Tire Life on Friction Drive

Discussion in 'Motorized Bicycle General Discussion' started by ut1205, Sep 13, 2009.

  1. ut1205

    ut1205 New Member

    Joined:
    Jul 4, 2009
    Messages:
    70
    Likes Received:
    0
    I just finished my first gallon of gas on my Stanton R/S friction drive bike. Got 115 miles on the gallon of gas. It will probably improve some since the engine has gone throught the "Break In" period but due to the hills around here it probably won't be much better but I am satisfied. It is only a little more than twice what my Prius averages.

    I am concerned with tire wear. Everytime I ride I notice alot of black dust on the engine and rear of bike. In about 90 miles on this tire, other than the "casting ridge" in the middle of the tire, I can't tell that there is a whole lot of wear but there is no way I will get the 1500 miles that BMP says you can get. The original tires were 40 psi max and it was like pedaling a tank. I am running 65 psi on the new tires and effort is alot lower.

    Has anyone gone throught one or more tires on this setup? How many miles did you get between changes?
     
  2. xlite

    xlite New Member

    Joined:
    Jun 18, 2009
    Messages:
    736
    Likes Received:
    0
    I went through about 20 tires back in my friction phase. With a "round file" roller like BMP it was possible to ride in the rain (barely) but tires wear in 100-200 miles. With smooth iron pipe wet riding was totally impossible but tire lasts 400-600 miles. I get a couple thousand miles from the same tire on my current chain drive HTs.
     
  3. ut1205

    ut1205 New Member

    Joined:
    Jul 4, 2009
    Messages:
    70
    Likes Received:
    0
    Thanks for the reply. Base on what I'm seeing now I am going to estimate 200-250 miles on my current tire. If you figure a $20.00 tire wears out in 200 miles then that is $0.10 per mile. Pretty expensive especially when you figure that gas cost you less that $0.02 per mile. Are you using the same motor on your gear drive? If so, how does the power compare to the friction drive on dry roads. If the power is the same or better then I am ready to upgrade to gear drive using my current R/S engine.
     
  4. xlite

    xlite New Member

    Joined:
    Jun 18, 2009
    Messages:
    736
    Likes Received:
    0
    My friction motors were several 27cc and 33cc IIRC homelite and one Honda or Ryobi 4 stroke weed wackers. The gear drives are generic 44cc and 67cc chinese 2 stroke kits. The difference in performance is HUGE. And there's the issue with wet roads. However I do miss the light weight friction setups and specially the zero drag penalty.
     
  5. toker_ace

    toker_ace Member

    Joined:
    Oct 15, 2008
    Messages:
    475
    Likes Received:
    1
    Tire wear is more when the tire is new.I guess its just softer high on the tread.Once you get down into the tire..tire wear is very little.Make sure you haven't got the roller down to far into the tire.Also, make sure your unit is sitting flat and not tilted toward the motor side.I personnaly love my friction drive.Once the motor breaks in you will be suprised at how much power these little 35cc subaru motors are!
     
  6. xlite

    xlite New Member

    Joined:
    Jun 18, 2009
    Messages:
    736
    Likes Received:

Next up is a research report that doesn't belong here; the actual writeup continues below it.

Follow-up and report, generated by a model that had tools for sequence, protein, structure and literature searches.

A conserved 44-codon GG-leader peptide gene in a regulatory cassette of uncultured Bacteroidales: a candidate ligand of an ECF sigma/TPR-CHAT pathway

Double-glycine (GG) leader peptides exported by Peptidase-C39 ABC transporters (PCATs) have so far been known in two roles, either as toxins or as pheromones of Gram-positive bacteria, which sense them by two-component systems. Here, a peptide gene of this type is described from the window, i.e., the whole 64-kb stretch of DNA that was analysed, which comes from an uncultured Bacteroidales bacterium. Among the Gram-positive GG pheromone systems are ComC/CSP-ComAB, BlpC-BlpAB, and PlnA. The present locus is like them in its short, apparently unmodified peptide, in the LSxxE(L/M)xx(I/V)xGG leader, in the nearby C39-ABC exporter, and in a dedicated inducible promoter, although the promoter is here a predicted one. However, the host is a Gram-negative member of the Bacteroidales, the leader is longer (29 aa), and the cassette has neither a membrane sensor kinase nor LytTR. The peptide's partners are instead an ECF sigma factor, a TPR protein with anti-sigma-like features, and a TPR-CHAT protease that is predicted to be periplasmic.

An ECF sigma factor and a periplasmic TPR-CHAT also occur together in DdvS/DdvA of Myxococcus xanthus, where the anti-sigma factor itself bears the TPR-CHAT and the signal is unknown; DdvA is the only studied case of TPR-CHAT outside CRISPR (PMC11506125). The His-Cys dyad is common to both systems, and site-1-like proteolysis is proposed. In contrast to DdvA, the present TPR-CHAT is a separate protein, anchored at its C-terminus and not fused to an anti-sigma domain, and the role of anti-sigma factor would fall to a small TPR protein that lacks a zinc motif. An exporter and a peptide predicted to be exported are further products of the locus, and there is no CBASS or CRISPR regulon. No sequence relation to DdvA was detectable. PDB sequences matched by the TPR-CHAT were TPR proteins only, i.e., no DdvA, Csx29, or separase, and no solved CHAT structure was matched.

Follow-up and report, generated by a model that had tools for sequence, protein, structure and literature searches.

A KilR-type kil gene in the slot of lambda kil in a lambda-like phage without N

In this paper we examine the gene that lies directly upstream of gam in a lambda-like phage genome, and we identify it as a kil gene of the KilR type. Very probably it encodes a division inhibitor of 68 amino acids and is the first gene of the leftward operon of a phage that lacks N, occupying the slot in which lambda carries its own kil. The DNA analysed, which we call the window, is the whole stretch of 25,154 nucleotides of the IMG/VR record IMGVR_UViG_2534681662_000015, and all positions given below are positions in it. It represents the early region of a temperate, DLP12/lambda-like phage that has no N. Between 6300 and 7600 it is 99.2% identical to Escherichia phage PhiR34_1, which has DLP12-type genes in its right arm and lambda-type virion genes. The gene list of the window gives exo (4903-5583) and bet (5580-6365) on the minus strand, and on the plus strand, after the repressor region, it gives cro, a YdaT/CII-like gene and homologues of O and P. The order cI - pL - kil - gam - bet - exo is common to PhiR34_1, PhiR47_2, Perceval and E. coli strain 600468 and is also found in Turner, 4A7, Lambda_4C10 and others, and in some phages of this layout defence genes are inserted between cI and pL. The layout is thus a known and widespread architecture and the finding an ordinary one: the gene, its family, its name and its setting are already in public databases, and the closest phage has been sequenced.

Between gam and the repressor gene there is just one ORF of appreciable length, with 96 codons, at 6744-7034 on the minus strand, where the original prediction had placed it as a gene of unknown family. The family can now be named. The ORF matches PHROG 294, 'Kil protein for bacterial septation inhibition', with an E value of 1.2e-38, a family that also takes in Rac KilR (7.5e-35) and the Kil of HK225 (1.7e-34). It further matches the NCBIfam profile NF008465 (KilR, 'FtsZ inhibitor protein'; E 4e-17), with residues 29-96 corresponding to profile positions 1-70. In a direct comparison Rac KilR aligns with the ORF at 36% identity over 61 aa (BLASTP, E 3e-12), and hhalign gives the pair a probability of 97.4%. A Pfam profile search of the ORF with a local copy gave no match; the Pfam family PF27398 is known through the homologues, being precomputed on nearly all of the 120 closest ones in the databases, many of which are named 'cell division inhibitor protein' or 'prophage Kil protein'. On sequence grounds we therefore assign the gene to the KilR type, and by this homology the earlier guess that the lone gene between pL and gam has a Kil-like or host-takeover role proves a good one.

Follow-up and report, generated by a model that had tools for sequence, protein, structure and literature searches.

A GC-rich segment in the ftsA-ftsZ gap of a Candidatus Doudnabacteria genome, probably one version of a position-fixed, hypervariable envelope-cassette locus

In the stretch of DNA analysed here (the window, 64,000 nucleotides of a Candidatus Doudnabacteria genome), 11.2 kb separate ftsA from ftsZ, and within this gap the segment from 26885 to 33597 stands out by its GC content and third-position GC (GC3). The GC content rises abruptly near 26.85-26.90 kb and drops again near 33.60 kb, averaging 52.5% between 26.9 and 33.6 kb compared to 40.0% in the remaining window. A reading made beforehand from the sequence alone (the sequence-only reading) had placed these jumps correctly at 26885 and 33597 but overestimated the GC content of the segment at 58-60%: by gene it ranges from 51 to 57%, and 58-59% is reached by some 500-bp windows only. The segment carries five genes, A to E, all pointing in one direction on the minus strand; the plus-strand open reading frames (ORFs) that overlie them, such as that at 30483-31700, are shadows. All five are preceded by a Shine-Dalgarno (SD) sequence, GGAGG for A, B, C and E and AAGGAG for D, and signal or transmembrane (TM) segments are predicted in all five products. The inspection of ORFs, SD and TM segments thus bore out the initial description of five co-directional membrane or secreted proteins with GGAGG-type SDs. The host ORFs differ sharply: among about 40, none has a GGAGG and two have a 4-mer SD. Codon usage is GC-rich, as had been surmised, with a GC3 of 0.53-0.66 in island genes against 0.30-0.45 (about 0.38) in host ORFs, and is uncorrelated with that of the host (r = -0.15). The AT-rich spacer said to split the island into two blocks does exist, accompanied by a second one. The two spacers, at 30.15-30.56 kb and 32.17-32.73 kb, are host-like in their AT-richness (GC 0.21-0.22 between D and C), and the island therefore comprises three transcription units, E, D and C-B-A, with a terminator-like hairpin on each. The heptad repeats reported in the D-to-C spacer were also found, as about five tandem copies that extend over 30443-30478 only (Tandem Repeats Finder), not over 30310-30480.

0
    Oh Yeah... I fogot about my first ever MB. 43cc Dimension Edge Mitsubishi. Crummy mount but it had much more power than any of the weed wacker engines. Closer to the HTs. Wore tires even faster than the wackers though. And let's not even mention those wooden rollers. :)
     
  7. ut1205

    ut1205 New Member

    Joined:
    Jul 4, 2009
    Messages:
    70
    Likes Received:
    0
    I have noticed that my tire is wearing a little more toward the motor side. Will figure out how to raise it alittle this weekend. Makes sense that the tire would show more wear when new.
     
  8. toker_ace

    toker_ace Member

    Joined:
    Oct 15, 2008
    Messages:
    475
    Likes Received:
    1
    take you a strap and wrap it around the motor and hang it up in the air and then tighten your bolts that hold it in place.Its hard to hold it level and tighten the mount bolts at the same time.Once you get it right you will wonder why anyone would ever mess with these chinese crap? Staton-inc, build a bullet proof set-up!cvlt1
     
  9. ut1205

    ut1205 New Member

    Joined:
    Jul 4, 2009
    Messages:
    70
    Likes Received:
    0
    I will try it that way!!!
     
  10. bikenoobie

    bikenoobie New Member

    Joined:
    Mar 25, 2009
    Messages:
    8
    Likes Received:
    0
    you can buy a rubber drive roller, they grip just as good as steel and your tires last a lot longer
     
  11. bbb

    bbb New Member

    Joined:
    Sep 2, 2008
    Messages:
    73
    Likes Received:
    0
    If you are seeing ''black dust'' you need to engage the roller tighter to the tire...it's slipping
     
  12. ut1205

    ut1205 New Member

    Joined:
    Jul 4, 2009
    Messages:
    70
    Likes Received:
    0
    I actually measure with a ruler when I set it. Stanton says 1/8 to 3/16 inch. I am setting at 3/16 inch. Will try 1/4 inch and see what that does.
     
  13. fred081646

    fred081646 New Member

    Joined:
    Feb 11, 2009
    Messages:
    6
    Likes Received:
    0
    I have 1000 miles on my tire and it is still going, I might get 1500. I pedel to get rolling and ease in the throttle. You can test to see if your roller is slipping by listining to your engine rpm's when you hit the throttle. If your roller is slipping on the tire you will eat up tires. I use quite alot of pressure on the roller to tire. You can,t jamb the throttle on a friction drive like you can do with chain drive. Hope this helps. Fred
     

Share This Page